The results of processing the FIG. 4A waveform values using equation (3) above and the FIG. 1 and FIG. 5 apparatus is shown at 402 in FIG. 4B. In FIG. 4B the peaks and other features of the waveform 402 correspond to the features described for the FIG. 4A waveform 400. The axis 423 in FIG. 4B corresponds with the axis 409 in FIG. 4A but is scaled in counts rather than millivolts; counts in FIG. 4B represent discharge events for the capacitor 214 in FIG. 2. The most notable differences between the waveforms 402 and 400 include the relatively enhanced amplitudes of the low level signals at 422, 424, 432, 434 and 428 and the relatively diminished amplitude of the peaks 426 and 430. In the waveform 402 the 2 millivolts caused by the pedestrian is now 2 counts or 0.67% of the 300 count peak value and is therefore within the accuracy of the vertical scale 423. With the processing of the waveform 402 the 5 millivolt running light peak has now become 13 counts and the 50 millivolt valley between headlights has become 148 counts. As can be seen, the low intensity values in the waveform 402 have become exaggerated and therefore discernable in the system output signal.
Saturation of the FIGS. 2 and 5 circuits may be said to occur when the time required to charge the capacitor 214, the time ts, becomes as short as the time for discharging the capacitor through the resistor 218. The feedback circuit 514 in FIG. 5 can be employed to automatically set the voltage Us in such a manner that such saturation is avoided. According to this arrangement, the feedback circuit 514 is used to change the trigger voltage Us once the memory M1, 224 in FIG. 2, achieves a maximum acceptable count. The increased value of Us resulting from such a feedback arrangement results in a decreased system sensitivity and automatic light adaptation.
The capacitor used for signal accumulation or storage in the above description of the invention is in a broad sense typical of other storage arrangements which might be employed with the invention. It is well known in the electrical art for example that an inductor, another reactive component, may be used to accumulate energy in a manner relating to the accumulation of charge by the capacitor 214. The time constant which was mathematically defined as the product of capacitor and resistor electrical sizes for the capacitor embodiment becomes the quotient of inductance value divided by resistance value for an embodiment employing an inductor. Inductors have not found great acceptance in the present state of the integrated circuit art because of their physical size and capability for large voltage development during energy release, however this status may change with continued evolution of the integrated circuit art.
It is notable that the present invention provides for signal processing that resembles that of the human eye. In addition to very high resolution, the human eye is known to have a logarithimic sensitivity characteristic that is capable of detecting small changes in contrast at low light levels while also being capable of handling large intensities. This large dynamic range of the human eye in known as the eber-Flechner Law (about 1890). The present processing system wherein light signals are correlated with a number of pulses per unit time is also in accordance with biological systems wherein nerve pulses have substantially the same voltage amplitude and differ primarily as to the number of pulses occurring in a time interval. This characteristic of the disclosed apparatus could be useful, for example, in light sensors which operate in conjunction with bio systems in the manner which is now being accomplished with computer stimulation of muscles to allow spinal cord injury patients to walk.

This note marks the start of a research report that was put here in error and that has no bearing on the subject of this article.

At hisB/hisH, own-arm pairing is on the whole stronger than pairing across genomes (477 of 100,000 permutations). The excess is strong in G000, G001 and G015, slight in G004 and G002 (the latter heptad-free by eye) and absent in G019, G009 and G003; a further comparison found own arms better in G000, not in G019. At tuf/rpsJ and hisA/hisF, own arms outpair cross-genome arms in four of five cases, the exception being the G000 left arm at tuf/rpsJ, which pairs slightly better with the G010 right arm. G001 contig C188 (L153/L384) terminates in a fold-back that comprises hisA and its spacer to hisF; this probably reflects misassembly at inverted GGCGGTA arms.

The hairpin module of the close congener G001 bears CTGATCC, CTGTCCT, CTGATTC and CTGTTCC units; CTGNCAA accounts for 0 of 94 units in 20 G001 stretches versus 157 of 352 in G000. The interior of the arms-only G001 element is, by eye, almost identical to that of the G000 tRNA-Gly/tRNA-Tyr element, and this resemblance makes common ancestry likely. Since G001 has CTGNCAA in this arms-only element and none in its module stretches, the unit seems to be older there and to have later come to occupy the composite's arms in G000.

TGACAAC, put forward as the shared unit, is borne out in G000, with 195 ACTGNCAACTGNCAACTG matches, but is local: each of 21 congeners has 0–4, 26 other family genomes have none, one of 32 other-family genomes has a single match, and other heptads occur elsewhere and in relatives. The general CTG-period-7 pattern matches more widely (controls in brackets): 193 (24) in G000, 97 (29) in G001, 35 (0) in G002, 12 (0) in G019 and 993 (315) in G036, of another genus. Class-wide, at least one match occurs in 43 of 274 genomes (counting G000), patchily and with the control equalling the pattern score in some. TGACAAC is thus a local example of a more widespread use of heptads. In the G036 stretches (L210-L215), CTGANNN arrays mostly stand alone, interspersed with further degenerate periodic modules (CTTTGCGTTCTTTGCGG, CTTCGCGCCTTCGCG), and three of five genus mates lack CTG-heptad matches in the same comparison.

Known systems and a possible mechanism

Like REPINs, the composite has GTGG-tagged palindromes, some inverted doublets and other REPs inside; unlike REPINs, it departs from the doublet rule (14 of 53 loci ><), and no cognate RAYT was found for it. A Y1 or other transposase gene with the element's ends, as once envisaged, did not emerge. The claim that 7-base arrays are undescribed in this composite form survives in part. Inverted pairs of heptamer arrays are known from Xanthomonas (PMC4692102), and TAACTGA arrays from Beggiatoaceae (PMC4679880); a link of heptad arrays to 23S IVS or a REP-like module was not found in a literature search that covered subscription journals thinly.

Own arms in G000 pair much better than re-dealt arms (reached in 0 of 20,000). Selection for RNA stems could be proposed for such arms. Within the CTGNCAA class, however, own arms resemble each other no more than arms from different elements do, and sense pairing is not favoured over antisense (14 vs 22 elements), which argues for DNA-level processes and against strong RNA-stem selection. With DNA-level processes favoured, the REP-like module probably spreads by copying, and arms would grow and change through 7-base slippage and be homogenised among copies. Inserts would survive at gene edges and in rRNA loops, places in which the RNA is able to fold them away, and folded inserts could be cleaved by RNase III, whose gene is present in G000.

The ability to logarithmically process light related signals in close physical proximity to a fly's eye lens and transducer apparatus and to achieve this processing in the form of cellular integrated circuits is useful in military and similar imaging systems. The saving of electronic system space and a reduced susceptibility to electrical interference signals also innure from use of the present processing system. The present system also eliminates a need for the conventional analog-to-digital converter circuit in a light responsive system and enables attaining in an optical apparatus the significantly increased reliability and improved failure rate that have become common in the integrated circuit art.
While the apparatus and method herein described constitute a preferred embodiment of the invention, it is to be understood that the invention is not to be limited to this precise form of apparatus or method and that changes may be made therein without departing from the scope of the invention which is described in the appended claims.
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|U.S. Classification||250/208.1, 348/E05.085, 348/E05.028, 359/619|
|International Classification||H03K17/94, H04N5/225, G06K7/10, H04N5/30|
|Cooperative Classification||H04N5/2254, H04N5/30, G06K7/10831, H03K17/943, G06K7/10841|
|European Classification||G06K7/10S9B, G06K7/10S9C, H04N5/225C4, H04N5/30, H03K17/94L1|
|3 Oct 1984||AS||Assignment|
Owner name: UNITED STATES OF AMERICA AS REPRESENTED BY THE SEC
Free format text: ASSIGNMENT OF ASSIGNORS INTEREST.;ASSIGNOR:SCHNEIDER, RICHARD T.;REEL/FRAME:004307/0589
Effective date: 19840530
|17 Apr 1986||AS||Assignment|
Owner name: UNITED STATES OF AMERICA, AS REPRESENTED BY THE SE
Free format text: ASSIGNMENT OF ASSIGNORS INTEREST.;ASSIGNOR:SCHNEIDER, RICHARD T.;REEL/FRAME:004538/0782
Effective date: 19860108
|1 Mar 1990||FPAY||Fee payment|
Year of fee payment: 4
|19 Apr 1994||REMI||Maintenance fee reminder mailed|
|11 Sep 1994||LAPS||Lapse for failure to pay maintenance fees|
|22 Nov 1994||FP||Expired due to failure to pay maintenance fee|
Effective date: 19940914